# The Collaborative Dictionary

Weight \Weight\, v. t. [imp. & p. p. Weighted; p. pr. & vb. n. Weighting.] [1913 Webster]
To load with a weight or weights; to load down; to make heavy; to attach weights to; as, to weight a horse or a jockey at a race; to weight a whip handle. [1913 Webster] The arrows of satire, . . . weighted with sense. --Coleridge. [1913 Webster]
(Astron. & Physics) To assign a weight to; to express by a number the probable accuracy of, as an observation. See Weight of observations, under Weight. [1913 Webster]
(Dyeing) To load (fabrics) as with barite, to increase the weight, etc. [Webster 1913 Suppl.]
(Math.) to assign a numerical value expressing relative importance to (a measurement), to be multiplied by the value of the measurement in determining averages or other aggregate quantities; as, they weighted part one of the test twice as heavily as part
[PJC] [1913 Webster]

# Word Net

2 adjusted to reflect value or proportion; "votes weighted according to the size of constituencies"; "a law weighted in favor of landlords"; "a weighted average"

# English

• /ˈweɪˌtɛd/

## Homophones

1. Having weights on it
She wore a weighted dress so it woldn't blow in the wind.
2. biased, so as to favour one party.
The competition was weighted so he'd be the clear favourite to win.

## Verb

weighted
1. past of weight
A weight function is a mathematical device used when performing a sum, integral, or average in order to give some elements more of a "weight" than others. They occur frequently in statistics and analysis, and are closely related to the concept of a measure. Weight functions can be constructed in both discrete and continuous settings.

# Discrete weights

## General definition

In the discrete setting, a weight function \scriptstyle w: A \to ^+ is a positive function defined on a discrete set A, which is typically finite or countable. The weight function w(a) := 1 corresponds to the unweighted situation in which all elements have equal weight. One can then apply this weight to various concepts.
If the function \scriptstyle f: A \to is a real-valued function, then the unweighted sum of f on A is defined as
\sum_ f(a);
but given a weight function \scriptstyle w: A \to ^+, the weighted sum is defined as
\sum_ f(a) w(a).
One common application of weighted sums arises in numerical integration.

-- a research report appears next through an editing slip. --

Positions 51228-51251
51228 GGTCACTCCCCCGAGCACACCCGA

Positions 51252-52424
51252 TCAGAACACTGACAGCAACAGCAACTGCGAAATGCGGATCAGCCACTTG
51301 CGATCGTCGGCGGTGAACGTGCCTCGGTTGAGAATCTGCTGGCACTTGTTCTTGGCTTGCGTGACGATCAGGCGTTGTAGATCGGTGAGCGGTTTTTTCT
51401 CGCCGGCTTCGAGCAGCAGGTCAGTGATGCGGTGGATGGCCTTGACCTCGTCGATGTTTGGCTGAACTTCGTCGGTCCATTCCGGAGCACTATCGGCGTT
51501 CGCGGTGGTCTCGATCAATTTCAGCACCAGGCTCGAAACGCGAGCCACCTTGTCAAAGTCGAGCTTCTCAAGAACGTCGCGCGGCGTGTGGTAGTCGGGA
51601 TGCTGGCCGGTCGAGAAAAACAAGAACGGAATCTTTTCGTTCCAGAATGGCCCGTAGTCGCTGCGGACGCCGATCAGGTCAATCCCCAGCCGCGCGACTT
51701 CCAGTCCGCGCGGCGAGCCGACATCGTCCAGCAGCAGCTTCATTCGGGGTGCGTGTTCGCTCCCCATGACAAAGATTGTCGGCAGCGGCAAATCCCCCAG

If B is a finite subset of A, one can replace the unweighted cardinality |B| of B by the weighted cardinality
\sum_ w(a).
If A is a finite non-empty set, one can replace the unweighted mean or average
\frac \sum_ f(a)
\frac.
In this case only the relative weights are relevant.

## Statistics

Weighted means are commonly used in statistics to compensate for the presence of bias. For a quantity f measured multiple independent times f_i with variance \scriptstyle\sigma^2_i, the best estimate of the signal is obtained by averaging all the measurements with weight \scriptstyle w_i=\frac 1 , and the resulting variance is smaller than each of the independent measurements \scriptstyle\sigma^2=1/\sum w_i. The Maximum likelihood method weights the difference between fit and data using the same weights w_i .

## Mechanics

The terminology weight function arises from mechanics: if one has a collection of n objects on a lever, with weights \scriptstyle w_1, \ldots, w_n (where weight is now interpreted in the physical sense) and locations :\scriptstyle\boldsymbol_1,\ldots,\boldsymbol_n, then the lever will be in balance if the fulcrum of the lever is at the center of mass
\frac,
which is also the weighted average of the positions \scriptstyle\boldsymbol_i.

# Continuous weights

In the continuous setting, a weight is a positive measure such as w(x) dx on some domain \Omega,which is typically a subset of an Euclidean space \scriptstyle^n, for instance \Omega could be an interval [a,b]. Here dx is Lebesgue measure and \scriptstyle w: \Omega \to \R^+ is a non-negative measurable function. In this context, the weight function w(x) is sometimes referred to as a density.

## General definition

If f: \Omega \to is a real-valued function, then the unweighted integral
\int_\Omega f(x)\ dx
can be generalized to the weighted integral
\int_\Omega f(x) w(x)\, dx
Note that one may need to require f to be absolutely integrable with respect to the weight w(x) dx in order for this integral to be finite.

## Weighted volume

If E is a subset of \Omega, then the volume vol(E) of E can be generalized to the weighted volume
\int_E w(x)\ dx.

## Weighted average

If \Omega has finite non-zero weighted volume, then we can replace the unweighted average
\frac \int_\Omega f(x)\ dx
by the weighted average
\frac

## Inner product

If \scriptstyle f: \Omega \to and \scriptstyle g: \Omega \to are two functions, one can generalize the unweighted inner product
\langle f, g \rangle := \int_\Omega f(x) g(x)\ dx
to a weighted inner product
\langle f, g \rangle := \int_\Omega f(x) g(x)\ w(x) dx
See the entry on Orthogonality for more details.